One further consideration on this. It is essential that believers settle it in their minds to know the good and acceptable and perfect will of God, and never to seek things contrary to it – determined to always pray in strict accord with the Divine will. Remember, God did not want Israel to have a king, yet they asked for one anyway. God granted their request, considering they had rejected Him (1 Sam 8:7). The Lord fed Israel with manna, food appropriate for their wilderness journey. However, they desired meat, and asked for the same. The Lord answered their request, giving them meat in abundance. Then, "while the meat was still between their teeth, before it was chewed, the wrath of the LORD was aroused against the people, and the LORD struck the people with a very great plague" (Num 11:33). The time came for Hezekiah to die. He turned his face to the wall and asked for an extension of life. God reciprocated by adding 15 years to his life (2 Kgs 20:2-6). That merciful extension, however, became the occasion during which the nation was cursed (2 Kgs 20;12-19).

QUESTION.gif (2121 bytes)  His blood covers sin, but do we pray for it to cover physical infirmities.

Associating the blood of Christ with illness is a human innovation. I know of no such connection in Scripture. Jesus' blood is associated with eternal life (John 6:54), remission (Matt 26:28), being brought close to God (Eph 2:13), peace (Col 1:20), cleansing the conscience (Heb 9:14), entering the holiest (Heb 10:19), the new covenant (Heb 10:29), cleansing (1 John 1:9), redemption (1 Pet 1:18-19), propitiation (Rom 3:25), justification (Rom 5:9), the forgiveness of sins (Eph 1:7), and sanctification (Heb 10:29) – BUT NEVER HEALTH! That is an association men have made.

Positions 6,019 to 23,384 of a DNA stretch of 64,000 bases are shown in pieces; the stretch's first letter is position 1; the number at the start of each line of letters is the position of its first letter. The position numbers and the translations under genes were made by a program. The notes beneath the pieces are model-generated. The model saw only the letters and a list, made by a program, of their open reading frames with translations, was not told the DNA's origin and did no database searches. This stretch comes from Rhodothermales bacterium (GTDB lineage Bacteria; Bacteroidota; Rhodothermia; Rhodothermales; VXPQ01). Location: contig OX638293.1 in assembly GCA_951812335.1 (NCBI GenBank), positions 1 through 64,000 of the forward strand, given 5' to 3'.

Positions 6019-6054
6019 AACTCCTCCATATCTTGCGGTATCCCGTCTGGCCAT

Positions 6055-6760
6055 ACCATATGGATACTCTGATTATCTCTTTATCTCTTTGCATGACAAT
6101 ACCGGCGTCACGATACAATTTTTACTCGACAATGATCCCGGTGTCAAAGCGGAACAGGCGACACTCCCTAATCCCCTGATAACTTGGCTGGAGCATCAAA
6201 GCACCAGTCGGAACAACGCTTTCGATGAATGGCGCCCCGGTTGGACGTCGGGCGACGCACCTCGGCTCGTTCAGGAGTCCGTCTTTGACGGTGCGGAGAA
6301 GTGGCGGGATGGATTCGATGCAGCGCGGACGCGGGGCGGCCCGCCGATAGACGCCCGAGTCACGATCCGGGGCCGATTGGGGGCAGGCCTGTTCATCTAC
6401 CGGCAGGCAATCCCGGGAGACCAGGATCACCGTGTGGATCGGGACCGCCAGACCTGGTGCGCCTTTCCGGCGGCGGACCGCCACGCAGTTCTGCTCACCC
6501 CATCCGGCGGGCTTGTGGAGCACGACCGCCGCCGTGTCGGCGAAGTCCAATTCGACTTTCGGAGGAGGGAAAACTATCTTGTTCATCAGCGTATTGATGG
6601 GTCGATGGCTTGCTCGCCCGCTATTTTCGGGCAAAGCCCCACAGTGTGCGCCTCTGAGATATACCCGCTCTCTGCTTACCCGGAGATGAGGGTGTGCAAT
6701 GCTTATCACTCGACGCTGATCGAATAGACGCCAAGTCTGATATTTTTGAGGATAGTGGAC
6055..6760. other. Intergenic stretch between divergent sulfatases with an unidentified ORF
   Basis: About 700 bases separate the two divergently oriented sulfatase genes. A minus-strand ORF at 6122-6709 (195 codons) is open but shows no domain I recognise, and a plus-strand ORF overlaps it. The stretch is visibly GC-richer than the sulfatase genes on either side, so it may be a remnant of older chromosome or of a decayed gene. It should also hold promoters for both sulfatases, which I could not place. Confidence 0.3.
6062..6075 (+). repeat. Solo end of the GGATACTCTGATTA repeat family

The death of Christ was necessary because of our alienation from God. The blood of Christ resolves that separation, being the means through which we are brought into fellowship with the Lord. If Christ's death, or the shedding of His blood is the basis for healing–or if healing is in the atonement, as some claim–then sickness alienates us from God. I see no way to avoid this conclusion. A vicarious atonement is not required by sickness. Bodily infirmity does not alienate men from God, and thus does not require the blood of Christ. The Spirit reminds us, "Without the shedding of blood, there is no remission" (Heb 9:22). He NEVER says, however, "Without the shedding of blood, there is no healing."

Pleading the blood over flesh and blood is an absurdity. Flesh and blood cannot inherit the Kingdom of God, having been cursed by God. Christ's blood has to do with eternal life, and its sole efficacy is in that arena. Bodily healing has to do with faith and the Divine will. No Divine guarantees are offered in regards to health.

QUESTION.gif (2121 bytes)  If you accept that God is truly calling you home, then you can rest on his promises and find peace and even joy in a terminal situation. Any rejoinder?

At the close of his life, Paul said, "I am ready to be offered" (2 Tim 4:6). From an earthly point of view, if anyone had a reason to live, it was Paul. He was a "chosen vessel," and the ONLY Apostle of the Gentiles. Yet, he sensed the time of transition had come, and he was ready to go. Peter also knew he would "shortly" put off his earthly tabernacle (2 Pet 1:14). Our blessed Lord Himself yielded up His relatively young life, knowing He had finished His work. Some of the patriarchs would "gather" their feet into their bed, breathe their last, and be gathered to their people (Gen 49:33) – indicating they were reconciled to their death.